The judgment of the district court will be affirmed.


The Court gave the following charge:

"The specific intent of wilfulness is an essential element of the crime of failure to file an income tax return. The word 'wilfully' used in connection with this offense means deliberately and intentionally, and without justifiable excuse, or with the wrongful purpose of deliberately intending not to file a return which defendant knew he should have filed, in order to prevent the Government from knowing the extent of his tax liability.

"Defendant's conduct is not wilful if he acted through negligence, inadvertence or mistake, or due to his good faith misunderstanding of the requirements of the law. Even gross negligence is not sufficient to constitute wilfulness. A failure to act is wilful if voluntary and purposeful and with the specific intent to fail to do what the law requires to be done, that is, with the bad purpose to disobey or disregard the law. You, the jury, must decide whether the defendant's failure to file returns was wilful.

"In this case while it is true that the failure to file the returns must be the wilful result of some bad intent, such as an intent to conceal taxable income from the Government or delay the assessment and collection of taxes, specific knowledge that this conduct has in fact been made a criminal offense is not necessary to the offense. As long as the inexcusable intent is present, it is not necessary that the defendant know that his conduct is subject to criminal penalties. This is what is meant by old saying, 'Ignorance of the law is no excuse,' and it applies in this case.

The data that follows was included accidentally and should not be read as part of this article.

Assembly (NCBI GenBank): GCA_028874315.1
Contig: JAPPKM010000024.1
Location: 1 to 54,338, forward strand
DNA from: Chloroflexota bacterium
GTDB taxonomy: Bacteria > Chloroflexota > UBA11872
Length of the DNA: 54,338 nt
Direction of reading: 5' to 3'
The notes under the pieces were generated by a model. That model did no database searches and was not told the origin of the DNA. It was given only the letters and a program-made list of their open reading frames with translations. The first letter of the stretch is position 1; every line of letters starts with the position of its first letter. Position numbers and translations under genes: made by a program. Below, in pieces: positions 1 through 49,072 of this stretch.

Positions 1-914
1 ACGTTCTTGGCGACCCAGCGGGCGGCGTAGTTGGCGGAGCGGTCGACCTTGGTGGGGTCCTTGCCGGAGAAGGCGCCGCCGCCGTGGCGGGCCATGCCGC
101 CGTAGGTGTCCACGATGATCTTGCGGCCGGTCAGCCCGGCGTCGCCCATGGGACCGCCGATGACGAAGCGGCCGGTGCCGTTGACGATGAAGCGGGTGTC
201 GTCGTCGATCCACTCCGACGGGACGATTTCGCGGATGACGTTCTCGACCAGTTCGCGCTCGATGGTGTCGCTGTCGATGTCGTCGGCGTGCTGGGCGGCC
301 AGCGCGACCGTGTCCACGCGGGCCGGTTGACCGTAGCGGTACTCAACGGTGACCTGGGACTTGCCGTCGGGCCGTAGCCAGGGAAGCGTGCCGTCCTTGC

"This is not to say that the defendant would have committed any crime if he were totally ignorant of the requirement under the tax laws to file a return, and had not so filed, but only that, as long as it appears that the defendant knew of the obligation and failed to file as the result of some bad intent. It is no defense that defendant was not aware of the criminal penalties for his failure to file."


"The question is whether the court should have defined the factual situation upon which negligence could be based. . . . Whether a court is required to define the issues may depend on the complexity and the protracted character of the case. There is some discretion in the trial court." Chicago & North Western Railway Company v. Rieger, 326 F.2d 329, 337 (1964), cert. denied, 377 U.S. 917, 84 S.Ct. 1182 (1964)